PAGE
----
A Winning Strategy
Investor Coach Brendan Magee helps investors find peace of mind
by Michelle Garling


Imagine if your doctor, along with the rest of the medical profession and every media outlet, promoted the use of cigarette smoking. Imagine this taking place while at the same time these experts were ignoring—or even hiding—years of research showing how harmful cigarettes were.

That’s the analogy Brendan Magee of Inevitable Wealth Coaching uses to describe what has been, and continues to be, happening to investors through the financial planning industry.


“Investors are essentially being told that gambling and speculation are prudent forms of investing and it’s destroying investors’ financial security—not to mention their peace of mind,” says Magee.   


Nearly 20 years ago he began his career as a financial planner. From the training he received Magee believed making sure people were in the right financial products was key. “To prove we had the best funds we showed people five-, 10-, 20-year track records,” he says. “We also showed magazine articles featuring our fund managers giving their views on the market and investing. I thought this was the best way to prove we had superior money managers.


“As a traditional financial planner I was blind to the fact that I was trained more to create problems for people than to fix them. In our staff meetings, not once did we ever go over the rules for being a successful investor. It was always about which family of funds or life-insurance policy we should be selling. The rules for successful investing—buy low/sell high, be diversified, the right way to own equities—and how to help people follow these rules were never discussed.”


Magee says that using brilliant stock pickers, forecasts about which way the market was headed, and track records were—and still are—used by the brokerage industry to lure people’s investment business. “We are led to believe that the investment industry knows in advance what the best stocks, funds or investments will be in the next year, five years or a decade ahead, and the truth is no one knows. If they did, they sure wouldn’t be telling me or you,” says Magee.


“When this truth isn’t brought to light, investors might as well be walking into a casino or racetrack. They are gambling with their life savings, not investing prudently and, just like the gambler, they’re going to be lucky just to break even,” says Magee. Worst of all it’s the investment industry that is telling investors it’s OK to engage in such dysfunctional activities.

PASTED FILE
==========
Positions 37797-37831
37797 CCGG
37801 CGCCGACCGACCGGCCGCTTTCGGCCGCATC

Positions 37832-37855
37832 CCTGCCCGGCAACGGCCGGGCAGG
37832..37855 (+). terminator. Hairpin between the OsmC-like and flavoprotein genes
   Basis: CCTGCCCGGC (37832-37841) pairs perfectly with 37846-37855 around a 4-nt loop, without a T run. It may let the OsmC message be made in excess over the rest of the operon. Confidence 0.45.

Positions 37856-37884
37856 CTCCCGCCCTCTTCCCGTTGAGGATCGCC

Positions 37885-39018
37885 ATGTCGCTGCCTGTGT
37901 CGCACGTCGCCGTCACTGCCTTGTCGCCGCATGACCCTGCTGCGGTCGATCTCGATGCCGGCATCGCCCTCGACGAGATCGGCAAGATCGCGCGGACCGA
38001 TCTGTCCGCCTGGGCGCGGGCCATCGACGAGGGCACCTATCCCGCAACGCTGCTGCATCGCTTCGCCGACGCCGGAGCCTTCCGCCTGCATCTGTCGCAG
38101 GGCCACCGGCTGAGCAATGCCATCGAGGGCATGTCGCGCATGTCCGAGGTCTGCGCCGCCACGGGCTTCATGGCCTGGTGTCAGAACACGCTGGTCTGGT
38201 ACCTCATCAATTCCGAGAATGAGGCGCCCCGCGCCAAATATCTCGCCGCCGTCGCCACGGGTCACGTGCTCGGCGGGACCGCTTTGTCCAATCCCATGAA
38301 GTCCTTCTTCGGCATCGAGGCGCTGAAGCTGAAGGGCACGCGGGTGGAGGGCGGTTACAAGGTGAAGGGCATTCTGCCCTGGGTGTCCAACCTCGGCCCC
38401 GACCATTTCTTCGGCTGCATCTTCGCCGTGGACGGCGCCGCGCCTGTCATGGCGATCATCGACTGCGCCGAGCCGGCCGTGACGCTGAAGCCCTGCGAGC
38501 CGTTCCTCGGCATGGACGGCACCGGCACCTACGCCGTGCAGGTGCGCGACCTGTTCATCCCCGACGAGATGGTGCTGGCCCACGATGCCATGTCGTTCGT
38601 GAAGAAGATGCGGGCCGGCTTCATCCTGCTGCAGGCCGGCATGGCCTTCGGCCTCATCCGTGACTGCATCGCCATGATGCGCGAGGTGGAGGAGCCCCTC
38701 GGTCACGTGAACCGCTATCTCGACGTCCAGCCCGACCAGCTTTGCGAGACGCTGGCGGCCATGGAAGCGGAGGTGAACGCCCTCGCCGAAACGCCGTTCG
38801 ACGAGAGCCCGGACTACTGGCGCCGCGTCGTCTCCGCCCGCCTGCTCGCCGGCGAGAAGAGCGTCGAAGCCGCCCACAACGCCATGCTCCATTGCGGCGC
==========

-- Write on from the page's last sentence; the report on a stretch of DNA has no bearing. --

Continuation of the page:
“As a traditional planner I had several problems: I was being told to promote strategies I had no confidence in; experienced investment professionals couldn’t answer my questions; and, finally, some families had entrusted their life savings to me. The thought of facing them and having to tell them we lost half of their account scared me to death,” says Magee.


The solution to his concerns came in 1993, when he was introduced to the work of Merton Miller, Harry Markowitz, Myron Sholes and William Sharpe—academics from the University of Chicago who won a Nobel Prize in 1990 for their research on investing and with whom Magee has continued to maintain a relationship. “These brilliant men helped me see that the world of investing works very differently from how the brokerage houses would like us to believe,” says Magee. They impressed upon him how important asking the right questions were to investing.


“Asking the right questions will not only help you see the truth about investing,” says Magee, “but it will also give you the ability to know who is and isn’t telling you the truth about your investments.”


For example:

* Can you measure all the costs in your portfolio?

* Can you measure risk in your portfolio?

* Do you know how markets work?

* Do you have a way to measure success or failure in your portfolio?


By learning how to answer questions such as these, investors gain focus, clarity and peace of mind, and Magee says it’s one of the fundamental differences between a financial planner and an investor coach. “A financial planner’s emphasis is on being in the right product. A coach helps an investor see they are the most critical aspect to investing. An investor’s behavior, more than anything else, will ultimately determine their success or failure,” says Magee.


Investing, Magee says, should also be an expression of the investor’s values. “The picture most of  the investment ads paint is that you are not going to experience the things in life that are most important to you until you’ve accumulated enough money. For example, you’ll have security and peace of mind when you have the summer home or you’ll get noticed once you can afford that luxury car. Hence, you need our products and services.”


Through coaching Magee helps clients experience the things in life that are most important to them today. The key to this experience is answering: What is my true purpose for money? “Once a person has identified the one thing in life that is most important to them, they can start using their time, energy and money to fulfill on it, and begin to experience that which is most important to them today.” Magee shares that his true purpose for money is to have the ability to express his love for others through his generosity at work, at home and throughout life.


Magee can be contacted at his Drexel Hill office or, for more information on Inevitable Wealth Coaching, read his blog under the business section of www.delcotimes.com, view his webcasts on www.coachgeetv.blogspot.com, or watch his new television show, “The Investor Coach’s Show” due to air in April and May 2012.


Inevitable Wealth Coaching
3350 Township Line Road, Drexel Hill

Phone: 610-446-4322

E-mail: Brendan@coachgee.com

Web: www.inevitable-wealth.com